Something skitters around my toes, a flash of black on the golden beach.
I jerk my foot back, then laugh at my reflex. It's only a crab, smaller than my fist. And though its colours are ghoulish – black carapace, orange legs, pallid purple claws and beady black eyes – I tell myself it's silly to be spooked by such a small creature.
I have no idea of the invasion to come.
Dusk falls. A crescent moon rises. Heat lightning flashes over the waters of Costa Rica's Gulf of Nicoya. I check the zipper on my tent, pitched in a narrow band of palm trees that separates the sand of Playa Quesera from the wooded hills of the Curu Wildlife Refuge. It is early April, the parched end of a long dry season. Every living thing is waiting for the rains, my kayaking guide, Bruce Smith, says as he chops chayote (a Mexican squash) for our small group's evening meal. The yellowed trees; the squat, black, inscrutable iguanas; the howler monkeys who wail from the high branches – they are all waiting for the first storm to break the dry spell.
And now the harbingers of rain are arriving. We can hear them stirring through the dry leaves on the forest floor. The Halloween crabs are coming.
We wake the next morning to find the beach transformed: The flat expanse of sand has erupted into hundreds of small hillocks. From the holes in the tops of these hillocks, Halloween crabs pop in and out, pushing out loads of sand in the crooks of their purple claws, and disappearing down the holes to fetch more.
For two days, the burrowing continues, as we speculate endlessly over morning camp-stove coffee and evening wine: What are they doing?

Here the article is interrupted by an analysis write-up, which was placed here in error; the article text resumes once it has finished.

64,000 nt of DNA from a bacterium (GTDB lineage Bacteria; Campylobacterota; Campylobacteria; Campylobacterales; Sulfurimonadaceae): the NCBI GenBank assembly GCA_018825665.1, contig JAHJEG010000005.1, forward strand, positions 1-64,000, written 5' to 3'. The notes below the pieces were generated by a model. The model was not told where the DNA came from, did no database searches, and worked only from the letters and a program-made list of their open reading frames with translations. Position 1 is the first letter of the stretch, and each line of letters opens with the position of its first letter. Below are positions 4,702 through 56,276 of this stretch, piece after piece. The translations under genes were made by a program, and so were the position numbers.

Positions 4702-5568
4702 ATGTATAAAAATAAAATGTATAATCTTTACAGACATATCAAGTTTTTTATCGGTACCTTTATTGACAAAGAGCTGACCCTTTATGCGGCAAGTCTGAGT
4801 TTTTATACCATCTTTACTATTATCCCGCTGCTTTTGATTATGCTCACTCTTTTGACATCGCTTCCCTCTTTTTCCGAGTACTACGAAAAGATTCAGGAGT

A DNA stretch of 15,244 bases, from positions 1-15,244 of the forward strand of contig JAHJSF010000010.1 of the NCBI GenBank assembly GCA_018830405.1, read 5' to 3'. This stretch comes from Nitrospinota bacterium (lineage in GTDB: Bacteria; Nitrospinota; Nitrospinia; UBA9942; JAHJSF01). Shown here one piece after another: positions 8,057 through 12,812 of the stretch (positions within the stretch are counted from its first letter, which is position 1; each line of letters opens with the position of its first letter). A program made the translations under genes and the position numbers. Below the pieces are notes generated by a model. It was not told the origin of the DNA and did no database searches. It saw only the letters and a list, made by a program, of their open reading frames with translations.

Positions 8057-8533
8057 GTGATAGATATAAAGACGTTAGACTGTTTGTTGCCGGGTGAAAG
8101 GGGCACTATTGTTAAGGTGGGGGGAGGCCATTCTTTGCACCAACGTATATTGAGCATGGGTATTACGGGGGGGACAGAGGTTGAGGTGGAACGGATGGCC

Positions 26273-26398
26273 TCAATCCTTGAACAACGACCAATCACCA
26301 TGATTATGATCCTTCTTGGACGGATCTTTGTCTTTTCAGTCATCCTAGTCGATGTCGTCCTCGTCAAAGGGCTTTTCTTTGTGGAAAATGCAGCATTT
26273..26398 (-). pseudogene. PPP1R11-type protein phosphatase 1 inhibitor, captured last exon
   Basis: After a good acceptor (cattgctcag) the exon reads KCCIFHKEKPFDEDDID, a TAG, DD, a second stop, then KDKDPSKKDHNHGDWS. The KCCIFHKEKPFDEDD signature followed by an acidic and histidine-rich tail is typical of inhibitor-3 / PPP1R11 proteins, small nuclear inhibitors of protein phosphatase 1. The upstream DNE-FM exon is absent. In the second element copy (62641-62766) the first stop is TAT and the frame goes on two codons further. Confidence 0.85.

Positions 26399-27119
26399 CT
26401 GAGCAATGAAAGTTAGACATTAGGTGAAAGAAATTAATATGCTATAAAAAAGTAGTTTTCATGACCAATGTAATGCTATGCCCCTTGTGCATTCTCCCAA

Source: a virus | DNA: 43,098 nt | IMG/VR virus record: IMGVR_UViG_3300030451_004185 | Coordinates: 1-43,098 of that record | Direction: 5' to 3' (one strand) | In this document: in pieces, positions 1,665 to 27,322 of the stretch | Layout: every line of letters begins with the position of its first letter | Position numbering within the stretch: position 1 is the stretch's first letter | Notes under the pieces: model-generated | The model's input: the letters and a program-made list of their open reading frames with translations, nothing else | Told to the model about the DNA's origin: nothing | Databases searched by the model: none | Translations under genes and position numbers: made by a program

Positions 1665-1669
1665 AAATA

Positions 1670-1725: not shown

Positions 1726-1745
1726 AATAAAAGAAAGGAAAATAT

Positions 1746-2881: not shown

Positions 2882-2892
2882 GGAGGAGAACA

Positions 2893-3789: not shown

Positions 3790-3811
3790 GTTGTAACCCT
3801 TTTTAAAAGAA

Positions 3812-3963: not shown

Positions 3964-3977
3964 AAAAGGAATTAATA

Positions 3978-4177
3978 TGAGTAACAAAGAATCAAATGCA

Our guide shares with us what he knows: The Halloween crabs live in the forest. Every year, around this time, they come down to the beach to lay their eggs. When the moon waxes full – exerting its most powerful gravitational force and pulling the tide to its highest point – the waves will wash the crab eggs into the ocean, where the larvae will hatch and begin the life cycle anew. Beyond that, Bruce knows one more fact: The arrival of the crabs always coincides with the onset of the rainy season.
Sure enough, that night a tropical thunderstorm splits the sky. Lightning strobes the silhouettes of the palm trees. Rain pours down on the thirsty jungle. And the crabs, as though summoned by the thunder, swarm from the forest onto the beach.
The next day, they are everywhere. No longer hundreds, but thousands – perhaps tens of thousands. The forest rustles with the sound of their spindly legs, crawling through the deadfall. They climb the tree trunks, cling to the bark, scale our tent poles, hide in our kayaks. They lurk in the corners of the wooden outhouse and beneath the rustic toilet seat, so that the men take to the bushes for all but the most dire emergencies, and women are left with the choice of braving hidden pincers in the lavatory, or crouching in the equally creepy underbrush.
By the time we return from paddling that afternoon, the crabs cover the beach like autumn leaves after a windstorm – so thick that in some places, we cannot see the sand. Some of them scuttle from burrow to burrow. Others continue their patient excavation work. Sometimes, one crab chases another out of its hole, brandishing purple pincers.
"Is anyone else feeling freaked out about sleeping here tonight?" I ask after chasing two crabs out of my tent. But Bruce pours the wine and some Costa Rican coffee liquor, and I am soothed into lying down to bed among my crustacean companions.
The next morning, as suddenly as they came, the Halloween crabs are gone. Only a few stragglers remain, clinging to tree trunks or standing guard at their burrows.
It is time for us to leave too. As we launch our kayaks into the Gulf of Nicoya, I feel lucky that my trip to Costa Rica turned out to be not just a vacation, but a chance to witness one of nature's miracles.
Special to The Globe and Mail
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